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Recorder letters: Support meningitis sufferers with glitter, cyclists deaths, grow a beard for bowel cancer and get a letter from from Santa for children’s charity

PUBLISHED: 12:00 25 November 2018

Lisa Snowdon is getting her glitter on for Meningitis Now.

Lisa Snowdon is getting her glitter on for Meningitis Now.

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Letters, contributions and comments sent in from Recorder readers this week.

Join the meningitis fightback

Lisa Snowdon, ambassador, Meningitis Now, writes:

I’d like to invite readers to get their glitter on this Christmas and help us fight back against meningitis.

At Meningitis Now, we’re inviting everyone to hold one of our festive Time 4 Tea fundraisers and bring your friends, family and colleagues together for a glittery party with a purpose.

It’s the perfect excuse to spend time with your loved ones and start the festive season with a sparkle – whilst helping to save lives and rebuild futures

Of course, it doesn’t get more glittery than Strictly Come Dancing, which I was fortunate enough to reach the final of a few years ago. Why not plan something around an episode of the show in the run up to Christmas?

There are lots of other ideas, from invitations to recipes and decorations in Meningitis Now’s free “get your glitter on” welcome pack to make it an easy and fun to organise. We’ve found a source of biodegradable eco glitter for you from our good friends at Eco Glitter Fun too.

The serious point is that you will be making a real difference to those at risk of meningitis and those whose lives have been changed forever because of it.

Money raised will help to fund preventative research, raise awareness and support those affected by the disease through Meningitis Now’s unique range of services.

I know only too well the misery meningitis can bring. Thankfully I made a good recovery; others are not so fortunate. Let’s sparkle this Christmas and fight back against meningitis. Find out how at MeningitisNow.org

Cyclist deaths are tip of the iceberg

Brett Dixon, president, The Association of Personal Injury Lawyers, writes:

It is only right that cyclists who kill or maim should face criminal sentences in the same way as drivers, as is currently being proposed by the government.

We still grieve for our loved one in the same way regardless of whether he or she is killed by a cyclist or driver.

These measures are an important way to help reduce casualties and bring cycling offences into line with driving offences, as they should be. But the government must not be complacent. Three pedestrians were killed last year by cyclists and these deaths are just the tip of the iceberg. Last year 68 per cent of pedestrians were killed by drivers.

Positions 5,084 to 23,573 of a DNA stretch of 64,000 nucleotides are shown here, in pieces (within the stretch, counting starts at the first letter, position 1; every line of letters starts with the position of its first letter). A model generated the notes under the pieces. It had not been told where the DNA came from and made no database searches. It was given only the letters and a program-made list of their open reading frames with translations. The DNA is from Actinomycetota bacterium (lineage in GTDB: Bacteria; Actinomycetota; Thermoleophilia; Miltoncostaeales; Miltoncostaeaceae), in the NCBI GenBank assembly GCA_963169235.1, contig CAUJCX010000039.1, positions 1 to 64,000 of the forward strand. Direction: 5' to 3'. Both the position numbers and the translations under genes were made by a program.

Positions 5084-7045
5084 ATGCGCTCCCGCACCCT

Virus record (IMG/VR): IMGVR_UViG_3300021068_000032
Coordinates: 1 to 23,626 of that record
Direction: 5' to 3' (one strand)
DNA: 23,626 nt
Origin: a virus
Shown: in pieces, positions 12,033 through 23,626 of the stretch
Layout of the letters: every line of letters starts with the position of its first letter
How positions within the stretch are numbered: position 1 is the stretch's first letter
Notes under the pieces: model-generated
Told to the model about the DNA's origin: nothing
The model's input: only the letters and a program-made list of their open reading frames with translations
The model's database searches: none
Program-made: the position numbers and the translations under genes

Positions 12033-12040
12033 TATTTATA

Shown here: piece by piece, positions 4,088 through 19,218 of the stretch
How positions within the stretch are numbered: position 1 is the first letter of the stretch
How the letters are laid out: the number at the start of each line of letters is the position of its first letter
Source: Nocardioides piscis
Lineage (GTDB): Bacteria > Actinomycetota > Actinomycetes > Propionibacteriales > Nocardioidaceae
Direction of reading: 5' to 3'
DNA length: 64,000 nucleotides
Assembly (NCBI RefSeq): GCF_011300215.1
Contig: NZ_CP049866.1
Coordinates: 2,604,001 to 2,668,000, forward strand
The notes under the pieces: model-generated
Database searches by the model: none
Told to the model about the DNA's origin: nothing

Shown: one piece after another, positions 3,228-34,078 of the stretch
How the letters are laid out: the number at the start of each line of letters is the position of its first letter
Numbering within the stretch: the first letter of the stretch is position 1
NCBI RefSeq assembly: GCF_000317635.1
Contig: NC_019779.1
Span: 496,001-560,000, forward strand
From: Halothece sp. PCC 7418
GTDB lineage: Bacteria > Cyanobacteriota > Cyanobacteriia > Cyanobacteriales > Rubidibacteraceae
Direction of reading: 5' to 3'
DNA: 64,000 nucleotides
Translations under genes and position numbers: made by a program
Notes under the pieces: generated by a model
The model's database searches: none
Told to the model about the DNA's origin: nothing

I hope these figures can highlight that more needs to be done to reduce needless injuries and deaths for all road users this Road Safety Week (November 19-25).

Grow a beard and save lives

Carl Hester, Olympic gold medallist for dressage, writes:

I’m calling on men to grow a beard this December and raise money for Bowel Cancer UK. I’m thrilled to be supporting Decembeard, which is especially personal to me.

I’ve had polyps removed from my bowel and now have annual check-ups, but the realisation that it could have developed into bowel cancer really hit me.

Taking part in Decembeard is simple. All you need to do is clean shave on November 30 and let your facial fuzz grow throughout the month. Already bearded? No problem. Dye, ditch or decorate your beard.

Bowel cancer affects one in 14 men in the UK and is the third most common cancer in men, so it’s a really important cause.

Save lives this December. Grow a beard and raise funds to support vital services and lifesaving research: sign up at bowelcanceruk.org.uk/decembeard

Support children’s charity this winter

Rupa-dey Amin, NSPCC , head of region for fundraising, writes:

As we approach the festive season I would like to ask your readers to do something amazing this Christmas to support the vital work of the NSPCC by requesting a Letter from Santa. We’ve teamed up with Santa himself to send personalised letters all the way from Lapland.

Each letter is printed and posted directly to your child in a festive envelope. You can choose the background design and fill in your child’s personal information such as age, best friend’s name or particular achievements throughout the year.

All we ask in return is a donation to help us be there for children, whatever their worries, this Christmas and beyond. Just £5 could buy paints to help a child who has been abused to express their feelings and begin to feel like themselves again. And £8 could cover the cost for our volunteer counsellors to answer two calls to Childline – in 2017/18 our they handled about 39,100 counselling sessions with children in London.

Your donations will help our fight for every childhood. Abuse ruins childhoods, but it can be prevented. That’s why we’re here.

To find out more visit nspcc.org.uk/Santa

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